An administrative blunder has cost HK$90,000, wasted nearly one tonne of paper and left many red faces at the English Schools Foundation.
The mistake was discovered after ESF personnel sent out 13,700 paper ballots for a board-of-governors election to all parents with children at ESF-subsidised and private schools, as well as those in international kindergartens.
The problem? Parents of kindergarten pupils are not entitled to vote for parent representatives included on the ballot. Some, however, did do so, forcing the ESF to scrap the entire vote and restart the process after a two-week delay.
So, 12,600 new sets of ballot documents - each including a cover letter and a dozen pages of candidate statements - were sent again over the weekend to the correct group of parents, excluding the 1,100 not entitled to vote. They have been asked to destroy the original forms and vote in the election for a second time.
The election will select six new board members from a field of 18 candidates.
One candidate blasted the ballot blunder as 'ridiculous' and said those asked to vote again found the error 'so basic that some parents said they won't bother.'
'The mistake has diluted voters' interest and led to apathy,' the candidate said.
ESF chief executive Heather Du Quesnay, in an earlier letter apologising to parents, blamed the mistake on an administrative problem.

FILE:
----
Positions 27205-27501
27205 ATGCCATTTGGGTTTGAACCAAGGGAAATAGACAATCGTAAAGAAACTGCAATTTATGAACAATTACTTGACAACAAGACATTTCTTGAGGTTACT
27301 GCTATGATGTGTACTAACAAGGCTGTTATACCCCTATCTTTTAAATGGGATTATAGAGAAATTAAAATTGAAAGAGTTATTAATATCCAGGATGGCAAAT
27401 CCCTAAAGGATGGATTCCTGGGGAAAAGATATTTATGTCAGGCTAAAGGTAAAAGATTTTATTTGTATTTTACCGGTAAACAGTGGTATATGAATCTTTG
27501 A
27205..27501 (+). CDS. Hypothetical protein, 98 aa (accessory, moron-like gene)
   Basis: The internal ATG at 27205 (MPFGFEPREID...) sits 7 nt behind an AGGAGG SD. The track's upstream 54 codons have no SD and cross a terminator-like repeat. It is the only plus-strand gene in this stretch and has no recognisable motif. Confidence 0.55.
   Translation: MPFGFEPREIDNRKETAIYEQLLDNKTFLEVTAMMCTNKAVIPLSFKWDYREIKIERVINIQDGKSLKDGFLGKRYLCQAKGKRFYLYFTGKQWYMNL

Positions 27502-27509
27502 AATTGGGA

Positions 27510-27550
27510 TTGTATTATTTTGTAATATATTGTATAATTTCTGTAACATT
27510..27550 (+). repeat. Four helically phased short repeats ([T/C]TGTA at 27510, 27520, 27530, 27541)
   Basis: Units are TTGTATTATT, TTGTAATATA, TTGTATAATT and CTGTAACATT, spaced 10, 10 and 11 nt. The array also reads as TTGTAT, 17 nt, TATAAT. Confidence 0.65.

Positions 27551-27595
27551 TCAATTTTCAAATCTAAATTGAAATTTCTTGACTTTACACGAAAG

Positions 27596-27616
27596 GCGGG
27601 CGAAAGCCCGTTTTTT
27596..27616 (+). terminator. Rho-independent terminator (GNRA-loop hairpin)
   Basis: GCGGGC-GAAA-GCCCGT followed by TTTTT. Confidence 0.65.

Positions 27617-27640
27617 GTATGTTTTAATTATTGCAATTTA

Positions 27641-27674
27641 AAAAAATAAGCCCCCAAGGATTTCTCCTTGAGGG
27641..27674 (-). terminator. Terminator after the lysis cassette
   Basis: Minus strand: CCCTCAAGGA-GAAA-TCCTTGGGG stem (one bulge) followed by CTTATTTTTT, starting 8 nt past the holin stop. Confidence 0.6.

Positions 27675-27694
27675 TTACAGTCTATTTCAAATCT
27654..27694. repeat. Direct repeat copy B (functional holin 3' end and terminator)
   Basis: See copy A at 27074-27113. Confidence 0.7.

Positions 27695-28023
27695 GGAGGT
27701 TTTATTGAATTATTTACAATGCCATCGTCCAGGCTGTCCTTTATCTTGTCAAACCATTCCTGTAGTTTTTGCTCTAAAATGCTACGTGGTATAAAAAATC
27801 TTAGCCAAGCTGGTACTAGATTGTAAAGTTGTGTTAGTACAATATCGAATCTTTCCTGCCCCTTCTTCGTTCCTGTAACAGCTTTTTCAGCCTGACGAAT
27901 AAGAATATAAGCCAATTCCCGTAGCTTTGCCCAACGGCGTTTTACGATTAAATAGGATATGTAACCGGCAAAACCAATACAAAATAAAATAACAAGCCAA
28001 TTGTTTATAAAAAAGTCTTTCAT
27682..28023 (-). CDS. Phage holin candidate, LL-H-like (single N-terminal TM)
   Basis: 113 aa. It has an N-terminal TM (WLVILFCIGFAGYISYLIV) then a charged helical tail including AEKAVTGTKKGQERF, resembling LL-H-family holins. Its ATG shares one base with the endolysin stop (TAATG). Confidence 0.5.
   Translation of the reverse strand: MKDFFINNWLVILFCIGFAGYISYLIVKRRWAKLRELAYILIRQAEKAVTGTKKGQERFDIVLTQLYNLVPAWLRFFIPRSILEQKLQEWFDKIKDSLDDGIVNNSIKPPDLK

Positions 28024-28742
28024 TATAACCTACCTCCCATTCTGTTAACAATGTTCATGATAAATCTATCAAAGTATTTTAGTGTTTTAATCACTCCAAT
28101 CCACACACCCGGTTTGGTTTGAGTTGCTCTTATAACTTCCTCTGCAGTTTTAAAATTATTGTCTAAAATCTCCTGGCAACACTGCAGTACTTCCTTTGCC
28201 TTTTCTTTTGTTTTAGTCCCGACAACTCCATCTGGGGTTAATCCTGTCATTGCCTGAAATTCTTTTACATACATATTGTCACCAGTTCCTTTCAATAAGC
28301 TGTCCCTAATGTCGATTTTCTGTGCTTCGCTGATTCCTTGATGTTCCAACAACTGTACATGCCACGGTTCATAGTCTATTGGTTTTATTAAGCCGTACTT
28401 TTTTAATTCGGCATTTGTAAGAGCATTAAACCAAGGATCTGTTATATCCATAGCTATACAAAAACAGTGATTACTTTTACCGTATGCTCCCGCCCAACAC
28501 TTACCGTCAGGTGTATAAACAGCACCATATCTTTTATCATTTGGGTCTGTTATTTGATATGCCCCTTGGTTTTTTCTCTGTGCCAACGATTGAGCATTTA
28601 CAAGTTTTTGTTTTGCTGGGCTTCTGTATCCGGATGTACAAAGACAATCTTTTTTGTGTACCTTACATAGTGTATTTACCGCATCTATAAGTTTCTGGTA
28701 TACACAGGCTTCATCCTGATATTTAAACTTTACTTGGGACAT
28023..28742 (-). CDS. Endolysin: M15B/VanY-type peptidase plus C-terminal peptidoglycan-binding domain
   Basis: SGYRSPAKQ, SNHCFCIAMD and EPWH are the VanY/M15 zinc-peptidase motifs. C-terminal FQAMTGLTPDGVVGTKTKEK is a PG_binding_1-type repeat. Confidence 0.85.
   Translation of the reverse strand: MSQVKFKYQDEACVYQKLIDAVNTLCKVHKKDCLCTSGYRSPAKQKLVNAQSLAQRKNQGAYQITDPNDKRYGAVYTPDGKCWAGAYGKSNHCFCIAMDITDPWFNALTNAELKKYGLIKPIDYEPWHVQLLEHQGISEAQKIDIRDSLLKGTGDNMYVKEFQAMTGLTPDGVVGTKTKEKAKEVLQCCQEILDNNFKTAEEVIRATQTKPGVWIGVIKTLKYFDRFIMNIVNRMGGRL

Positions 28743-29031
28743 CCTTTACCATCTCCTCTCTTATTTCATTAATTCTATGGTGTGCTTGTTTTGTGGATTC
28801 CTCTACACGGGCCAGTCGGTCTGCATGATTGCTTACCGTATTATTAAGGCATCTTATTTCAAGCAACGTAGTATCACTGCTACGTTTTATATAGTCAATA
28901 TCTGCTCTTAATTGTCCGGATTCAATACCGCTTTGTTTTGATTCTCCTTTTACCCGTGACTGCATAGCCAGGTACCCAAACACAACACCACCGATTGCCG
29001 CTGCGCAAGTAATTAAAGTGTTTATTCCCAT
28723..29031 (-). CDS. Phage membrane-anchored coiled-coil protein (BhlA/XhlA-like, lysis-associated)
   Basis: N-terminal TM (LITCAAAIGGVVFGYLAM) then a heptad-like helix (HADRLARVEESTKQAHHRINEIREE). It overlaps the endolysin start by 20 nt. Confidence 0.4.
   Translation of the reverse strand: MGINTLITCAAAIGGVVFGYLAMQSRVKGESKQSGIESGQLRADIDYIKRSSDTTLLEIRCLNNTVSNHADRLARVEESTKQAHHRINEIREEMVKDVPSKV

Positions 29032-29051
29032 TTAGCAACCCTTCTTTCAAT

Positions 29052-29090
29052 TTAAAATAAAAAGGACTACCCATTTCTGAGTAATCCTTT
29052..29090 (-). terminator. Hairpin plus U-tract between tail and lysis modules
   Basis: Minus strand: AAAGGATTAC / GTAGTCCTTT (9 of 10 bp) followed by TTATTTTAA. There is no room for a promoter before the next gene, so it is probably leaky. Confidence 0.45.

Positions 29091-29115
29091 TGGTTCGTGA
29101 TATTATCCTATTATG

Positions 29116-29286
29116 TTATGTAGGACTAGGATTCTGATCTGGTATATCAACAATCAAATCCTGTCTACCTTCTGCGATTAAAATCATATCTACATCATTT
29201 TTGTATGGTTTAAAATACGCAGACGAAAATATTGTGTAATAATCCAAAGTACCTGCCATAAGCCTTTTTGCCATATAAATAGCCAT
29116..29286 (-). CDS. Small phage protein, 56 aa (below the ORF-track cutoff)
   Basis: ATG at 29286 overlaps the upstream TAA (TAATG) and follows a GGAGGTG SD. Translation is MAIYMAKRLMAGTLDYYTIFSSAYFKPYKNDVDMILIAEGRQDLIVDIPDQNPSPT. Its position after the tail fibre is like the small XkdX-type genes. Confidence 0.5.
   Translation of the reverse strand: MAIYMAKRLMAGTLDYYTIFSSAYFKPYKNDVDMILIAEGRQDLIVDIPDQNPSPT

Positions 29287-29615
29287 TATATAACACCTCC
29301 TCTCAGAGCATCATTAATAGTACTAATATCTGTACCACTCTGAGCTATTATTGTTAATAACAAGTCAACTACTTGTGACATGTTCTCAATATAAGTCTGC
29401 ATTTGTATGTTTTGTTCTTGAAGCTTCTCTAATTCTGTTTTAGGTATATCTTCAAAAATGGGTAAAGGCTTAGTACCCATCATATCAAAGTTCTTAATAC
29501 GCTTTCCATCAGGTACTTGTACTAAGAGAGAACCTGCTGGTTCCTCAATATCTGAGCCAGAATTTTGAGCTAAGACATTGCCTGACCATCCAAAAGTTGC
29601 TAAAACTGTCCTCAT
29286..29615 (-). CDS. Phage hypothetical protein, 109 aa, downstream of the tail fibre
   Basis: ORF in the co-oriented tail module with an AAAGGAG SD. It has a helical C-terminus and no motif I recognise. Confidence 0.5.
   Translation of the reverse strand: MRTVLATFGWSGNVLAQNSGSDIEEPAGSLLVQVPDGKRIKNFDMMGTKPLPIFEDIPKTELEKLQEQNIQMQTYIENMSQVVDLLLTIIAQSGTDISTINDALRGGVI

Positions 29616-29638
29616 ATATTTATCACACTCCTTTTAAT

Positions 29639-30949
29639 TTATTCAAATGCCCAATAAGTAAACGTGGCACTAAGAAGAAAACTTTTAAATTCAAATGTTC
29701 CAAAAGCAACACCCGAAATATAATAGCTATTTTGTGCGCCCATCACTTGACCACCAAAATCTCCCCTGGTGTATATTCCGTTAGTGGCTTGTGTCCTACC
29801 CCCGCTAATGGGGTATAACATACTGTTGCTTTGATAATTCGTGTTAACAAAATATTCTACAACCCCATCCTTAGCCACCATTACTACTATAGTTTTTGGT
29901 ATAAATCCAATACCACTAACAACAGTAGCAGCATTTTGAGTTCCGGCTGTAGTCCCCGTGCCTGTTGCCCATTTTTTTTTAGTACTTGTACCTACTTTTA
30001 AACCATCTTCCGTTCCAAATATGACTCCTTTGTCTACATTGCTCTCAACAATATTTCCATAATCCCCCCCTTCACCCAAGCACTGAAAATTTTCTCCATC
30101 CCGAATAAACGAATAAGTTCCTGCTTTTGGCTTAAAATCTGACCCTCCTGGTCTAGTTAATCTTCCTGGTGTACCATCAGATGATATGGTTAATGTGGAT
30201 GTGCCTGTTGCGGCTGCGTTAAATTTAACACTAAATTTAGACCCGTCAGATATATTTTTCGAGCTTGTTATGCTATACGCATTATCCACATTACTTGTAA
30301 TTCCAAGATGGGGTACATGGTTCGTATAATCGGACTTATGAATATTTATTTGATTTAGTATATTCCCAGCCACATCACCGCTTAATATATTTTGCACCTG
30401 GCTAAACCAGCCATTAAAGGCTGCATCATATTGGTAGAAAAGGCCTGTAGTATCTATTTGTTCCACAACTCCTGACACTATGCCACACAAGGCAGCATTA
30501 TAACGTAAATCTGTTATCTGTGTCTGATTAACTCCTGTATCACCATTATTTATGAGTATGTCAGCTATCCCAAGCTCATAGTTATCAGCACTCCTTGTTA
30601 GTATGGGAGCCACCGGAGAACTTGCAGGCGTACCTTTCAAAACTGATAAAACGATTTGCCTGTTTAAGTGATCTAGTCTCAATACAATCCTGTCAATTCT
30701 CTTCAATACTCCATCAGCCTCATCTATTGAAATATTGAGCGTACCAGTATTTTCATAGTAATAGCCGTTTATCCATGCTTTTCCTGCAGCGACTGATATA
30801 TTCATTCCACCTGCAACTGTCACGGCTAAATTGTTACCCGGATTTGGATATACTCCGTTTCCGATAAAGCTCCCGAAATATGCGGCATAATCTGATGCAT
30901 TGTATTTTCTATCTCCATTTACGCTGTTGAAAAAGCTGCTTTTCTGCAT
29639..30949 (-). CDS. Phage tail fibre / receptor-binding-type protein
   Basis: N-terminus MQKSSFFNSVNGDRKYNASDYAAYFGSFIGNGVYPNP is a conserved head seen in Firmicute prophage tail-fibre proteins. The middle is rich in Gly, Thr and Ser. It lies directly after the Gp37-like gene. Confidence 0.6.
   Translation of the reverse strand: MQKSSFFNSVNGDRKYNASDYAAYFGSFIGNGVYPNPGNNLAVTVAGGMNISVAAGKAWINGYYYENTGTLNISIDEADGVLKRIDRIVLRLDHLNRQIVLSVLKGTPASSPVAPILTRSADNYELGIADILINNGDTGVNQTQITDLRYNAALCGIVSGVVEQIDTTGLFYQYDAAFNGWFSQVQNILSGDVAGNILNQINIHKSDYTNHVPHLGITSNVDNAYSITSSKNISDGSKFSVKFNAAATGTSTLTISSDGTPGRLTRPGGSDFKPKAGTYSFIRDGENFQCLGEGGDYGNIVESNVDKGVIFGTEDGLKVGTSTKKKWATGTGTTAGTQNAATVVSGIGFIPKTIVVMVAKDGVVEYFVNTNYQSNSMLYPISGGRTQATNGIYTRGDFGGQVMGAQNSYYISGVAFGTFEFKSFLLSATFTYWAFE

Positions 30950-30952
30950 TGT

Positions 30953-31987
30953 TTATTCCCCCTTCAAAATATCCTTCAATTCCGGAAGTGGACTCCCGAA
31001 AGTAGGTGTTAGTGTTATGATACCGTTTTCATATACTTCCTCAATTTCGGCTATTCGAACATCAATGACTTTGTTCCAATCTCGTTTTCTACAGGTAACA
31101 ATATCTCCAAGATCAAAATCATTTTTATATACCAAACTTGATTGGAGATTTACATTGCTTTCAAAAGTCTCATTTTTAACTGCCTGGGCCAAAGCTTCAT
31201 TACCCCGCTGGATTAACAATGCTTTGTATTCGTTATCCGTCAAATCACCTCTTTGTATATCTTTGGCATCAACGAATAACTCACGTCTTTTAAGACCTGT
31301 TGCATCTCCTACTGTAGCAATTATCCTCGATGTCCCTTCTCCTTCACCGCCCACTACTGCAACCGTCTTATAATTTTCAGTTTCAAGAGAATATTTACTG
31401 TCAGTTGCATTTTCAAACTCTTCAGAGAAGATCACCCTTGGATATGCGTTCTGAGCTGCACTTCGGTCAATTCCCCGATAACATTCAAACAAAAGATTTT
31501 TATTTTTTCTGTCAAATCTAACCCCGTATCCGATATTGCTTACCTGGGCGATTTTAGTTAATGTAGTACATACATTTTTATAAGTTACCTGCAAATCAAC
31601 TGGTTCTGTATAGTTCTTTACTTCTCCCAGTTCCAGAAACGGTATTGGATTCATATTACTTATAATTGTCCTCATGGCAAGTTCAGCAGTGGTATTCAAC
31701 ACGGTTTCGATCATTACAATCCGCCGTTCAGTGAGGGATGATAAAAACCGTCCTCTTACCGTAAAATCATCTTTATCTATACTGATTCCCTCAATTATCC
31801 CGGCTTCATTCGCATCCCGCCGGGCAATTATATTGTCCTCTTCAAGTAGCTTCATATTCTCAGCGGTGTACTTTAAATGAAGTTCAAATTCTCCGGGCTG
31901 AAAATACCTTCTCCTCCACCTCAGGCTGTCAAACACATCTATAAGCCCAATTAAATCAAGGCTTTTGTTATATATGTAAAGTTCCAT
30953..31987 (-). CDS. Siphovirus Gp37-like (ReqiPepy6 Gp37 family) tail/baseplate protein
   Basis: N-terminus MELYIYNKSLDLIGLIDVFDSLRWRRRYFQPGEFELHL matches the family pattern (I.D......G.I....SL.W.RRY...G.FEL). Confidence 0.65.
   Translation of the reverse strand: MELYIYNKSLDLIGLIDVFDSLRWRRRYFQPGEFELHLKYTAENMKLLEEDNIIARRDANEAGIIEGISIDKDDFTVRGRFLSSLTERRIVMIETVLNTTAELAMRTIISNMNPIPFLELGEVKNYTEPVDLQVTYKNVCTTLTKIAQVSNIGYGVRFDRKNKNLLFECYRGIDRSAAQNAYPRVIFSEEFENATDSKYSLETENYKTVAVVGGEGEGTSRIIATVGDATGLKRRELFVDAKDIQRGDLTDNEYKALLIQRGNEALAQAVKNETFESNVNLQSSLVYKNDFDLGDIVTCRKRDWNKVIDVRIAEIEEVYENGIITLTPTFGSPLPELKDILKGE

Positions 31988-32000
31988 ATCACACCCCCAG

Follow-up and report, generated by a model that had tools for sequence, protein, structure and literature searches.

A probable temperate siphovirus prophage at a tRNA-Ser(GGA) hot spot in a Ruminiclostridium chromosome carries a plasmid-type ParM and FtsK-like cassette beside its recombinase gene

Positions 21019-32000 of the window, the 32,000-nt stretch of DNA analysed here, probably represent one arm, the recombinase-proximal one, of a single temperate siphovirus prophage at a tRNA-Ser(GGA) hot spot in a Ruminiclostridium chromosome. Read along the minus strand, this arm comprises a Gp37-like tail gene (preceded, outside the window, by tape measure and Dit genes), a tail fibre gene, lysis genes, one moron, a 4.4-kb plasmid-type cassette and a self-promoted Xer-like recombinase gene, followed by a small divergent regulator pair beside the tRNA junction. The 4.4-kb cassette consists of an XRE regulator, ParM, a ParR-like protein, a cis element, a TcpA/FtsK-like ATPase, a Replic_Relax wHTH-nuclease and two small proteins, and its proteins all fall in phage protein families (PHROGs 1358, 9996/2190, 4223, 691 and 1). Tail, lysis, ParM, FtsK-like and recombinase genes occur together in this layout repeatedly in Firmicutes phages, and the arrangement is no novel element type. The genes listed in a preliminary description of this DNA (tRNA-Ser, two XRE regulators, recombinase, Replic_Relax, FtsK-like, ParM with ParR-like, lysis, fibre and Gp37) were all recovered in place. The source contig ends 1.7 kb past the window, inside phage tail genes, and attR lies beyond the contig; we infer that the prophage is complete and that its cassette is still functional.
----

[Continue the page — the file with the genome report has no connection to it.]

'I am afraid that, as we have no way of distinguishing one parent's ballot paper from another, this means that we will have to reissue the ballot papers,' she said.
But the candidate said the explanation would not fix the problem.
'People are confused,' the candidate said. 'Not everybody read the second e-mail.'
Moreover, a CEO report dated September 27 and sent to the board made no mention of a ballot mix-up.
'When I saw the letter, I was in complete disbelief that our fees are going towards that,' one parent said.
ESF Concerned Parents Group spokesman Hans Ladegaard said someone had to be held responsible for the mistake because the ESF received government funding.
The problem comes as the government reviews its HK$283 million annual ESF subsidy and ESF officials are pledging strong management.
An ESF spokeswoman said costs of the re-vote would be reflected in operational budgets. She would not say how many staff hours were spent on the project or whether anyone had been sacked because of the incident.
The spokeswoman said full sets of documents had to be re-sent because one candidate had put a new remark on a personal statement.
ESF had not notified the Education Bureau because the ESF Ordinance did not require this, she said.
Roy Tam Hoi-pong of Green Sense criticised the ESF for wasting nearly a tonne of paper. The exercise meant that more than 200,000 pieces of paper would have to be thrown away, he said.
Topics: Elections Electronic Voting Ballot ESF - English Schools Foundation